BEIRUT (Reuters) - Thousands of Syrian rebels have broken with the Western-backed coalition and called for a new Islamist front, undermining international efforts to build up a pro-Western military force to replace President Bashar al-Assad.
Ever more divided on a battlefield where Assad’s better armed troops have been gaining ground, allies of the Free Syrian Army (FSA) were among 13 disparate rebel factions to disown the exile leadership and build an Islamic alliance that includes the al Qaeda-linked Nusra Front, commanders said on Tuesday.
Details of the numbers of fighters involved and of how they would cooperate remained unclear. But, in an online video, a leader of the Islamist Tawheed Brigade said the bloc rejected the authority of the Syrian National Coalition (SNC) and the Western- and Saudi-backed exile administration of Ahmad Tumeh.
A spokesman for Coalition president Ahmed Jarba, who was attending the United Nations general assembly in New York, said Jarba would head for Syria on Thursday to respond: “We are not going to negotiate with individual groups. We are going to come up with a better structure for organizing the fighting forces,” the spokesman, Loay Safi, said.
The move is a setback for foreign leaders trying to bolster more secular rebel groups and to reassure voters skeptical of deeper involvement in Syria’s civil war. Some may think again about help for the fighters, which ranges from weaponry from the Gulf to non-lethal aid from Europe and the United States.
For Assad, already cheered by Russian diplomatic assistance that undermined U.S. plans to bomb his forces following a poison gas attack, any more powerful rebel coalition could challenge his army’s resurgence in the field. But that could be more than offset by a weakening of international backing for his enemies.
Though some moderate Islamist fighters denied the move meant a more radical, sectarian approach, a more visible role for Islamist radicals at the expense of the SNC may bolster Assad’s argument that the alternative to his rule, based on his father’s military takeover four decades ago, is a Syria run by al Qaeda.
The most hardline Islamist militant faction, al Qaeda’s Islamic State of Iraq and the Levant (ISIL) which has brought growing numbers of foreign jihadists into Syria, was not a signatory to the new pact. It was unclear, however, whether it had rejected involvement or had not been invited to join.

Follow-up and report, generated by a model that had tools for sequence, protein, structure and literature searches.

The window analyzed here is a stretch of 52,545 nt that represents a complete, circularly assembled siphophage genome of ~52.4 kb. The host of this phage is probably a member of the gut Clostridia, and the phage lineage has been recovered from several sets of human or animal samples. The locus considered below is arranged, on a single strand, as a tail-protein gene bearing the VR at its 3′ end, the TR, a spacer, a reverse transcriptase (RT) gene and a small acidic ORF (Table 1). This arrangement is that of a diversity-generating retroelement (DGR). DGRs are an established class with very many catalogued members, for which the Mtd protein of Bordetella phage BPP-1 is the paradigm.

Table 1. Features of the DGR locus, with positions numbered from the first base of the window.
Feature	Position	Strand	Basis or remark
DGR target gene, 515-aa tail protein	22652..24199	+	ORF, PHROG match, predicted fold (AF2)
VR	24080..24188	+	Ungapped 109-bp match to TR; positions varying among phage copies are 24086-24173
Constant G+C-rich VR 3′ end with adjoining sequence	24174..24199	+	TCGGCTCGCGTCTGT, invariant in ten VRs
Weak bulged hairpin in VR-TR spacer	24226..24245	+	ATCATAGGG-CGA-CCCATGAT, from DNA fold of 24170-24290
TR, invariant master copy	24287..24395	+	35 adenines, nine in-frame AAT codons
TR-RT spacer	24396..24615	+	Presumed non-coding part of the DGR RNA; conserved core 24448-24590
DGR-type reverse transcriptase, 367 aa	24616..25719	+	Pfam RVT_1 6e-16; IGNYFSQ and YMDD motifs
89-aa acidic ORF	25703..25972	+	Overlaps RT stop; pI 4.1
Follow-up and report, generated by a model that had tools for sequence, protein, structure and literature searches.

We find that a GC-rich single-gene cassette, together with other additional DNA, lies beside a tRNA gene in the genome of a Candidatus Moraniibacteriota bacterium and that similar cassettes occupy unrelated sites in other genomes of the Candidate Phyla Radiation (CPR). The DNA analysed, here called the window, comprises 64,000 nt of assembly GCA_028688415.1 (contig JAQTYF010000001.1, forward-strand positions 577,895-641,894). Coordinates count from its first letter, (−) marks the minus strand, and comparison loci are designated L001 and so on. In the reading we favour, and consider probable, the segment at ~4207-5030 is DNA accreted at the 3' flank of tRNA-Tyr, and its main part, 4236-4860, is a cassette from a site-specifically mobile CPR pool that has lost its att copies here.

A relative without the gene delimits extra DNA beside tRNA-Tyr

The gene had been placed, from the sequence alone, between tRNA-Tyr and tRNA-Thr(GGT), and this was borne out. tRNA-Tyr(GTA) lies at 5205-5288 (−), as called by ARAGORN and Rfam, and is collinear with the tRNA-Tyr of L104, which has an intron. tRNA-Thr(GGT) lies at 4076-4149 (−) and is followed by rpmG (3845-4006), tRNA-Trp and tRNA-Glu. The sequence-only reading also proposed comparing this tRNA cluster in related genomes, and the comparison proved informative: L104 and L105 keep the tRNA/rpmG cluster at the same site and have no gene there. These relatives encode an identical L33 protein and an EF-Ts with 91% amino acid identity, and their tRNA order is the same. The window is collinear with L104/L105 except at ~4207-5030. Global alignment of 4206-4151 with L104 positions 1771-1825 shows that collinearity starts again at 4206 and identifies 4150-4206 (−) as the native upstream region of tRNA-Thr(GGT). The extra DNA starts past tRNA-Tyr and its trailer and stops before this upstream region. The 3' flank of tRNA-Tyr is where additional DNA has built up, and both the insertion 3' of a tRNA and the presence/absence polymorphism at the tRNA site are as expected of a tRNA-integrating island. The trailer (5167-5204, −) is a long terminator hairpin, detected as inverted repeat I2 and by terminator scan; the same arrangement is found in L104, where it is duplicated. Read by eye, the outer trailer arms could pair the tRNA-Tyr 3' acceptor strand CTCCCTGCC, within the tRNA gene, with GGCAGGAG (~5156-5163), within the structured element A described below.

The 13 groups signed a statement calling for the opposition to Assad to be reorganized under an Islamic framework and to be run only by groups fighting inside Syria. Signatories range from hardliners like the Nusra Front and Ahrar al-Sham to more moderate groups such as the Tawheed Brigade and Islam Brigade.
“These forces feel that all groups formed abroad without returning to the country do not represent them, so the forces will not recognize them,” said the statement read online by Abdulaziz Salameh, the political leader of the Tawheed Brigade.
“Therefore the National Coalition and its supposed government led by Ahmad Tumeh do not represent them and will not be recognized,” he said.
Analyst Aron Lund wrote on the blog Syria Comment: “If the statement proves to accurately represent the groups mentioned and they do not immediately fall apart again, it is a very big deal.
“It represents the rebellion of a large part of the ‘mainstream FSA’ against its purported political leadership, and openly aligns these factions with more hardline Islamist forces.”
Since the 2-1/2-year-old revolt against Assad began, Syria’s opposition forces have been riven with factionalism and rivalries. There have also been tensions between Islamist groups and those that support a secular vision for a post-Assad Syria.
Assad, and his Russian allies, have highlighted how a revolt that began in 2011 with demands for democracy has seen the rise of sectarian hatreds between the Sunni Muslim majority and Assad’s Alawite sect. That also worries other minorities in Syria’s complex society, including Christians and ethnic Kurds.
Gulf Arab support for the rebels has highlighted the war’s role in a broader regional confrontation between Sunnis and Shi’ite Iran, which backs Assad and Shi’ite Arab movements.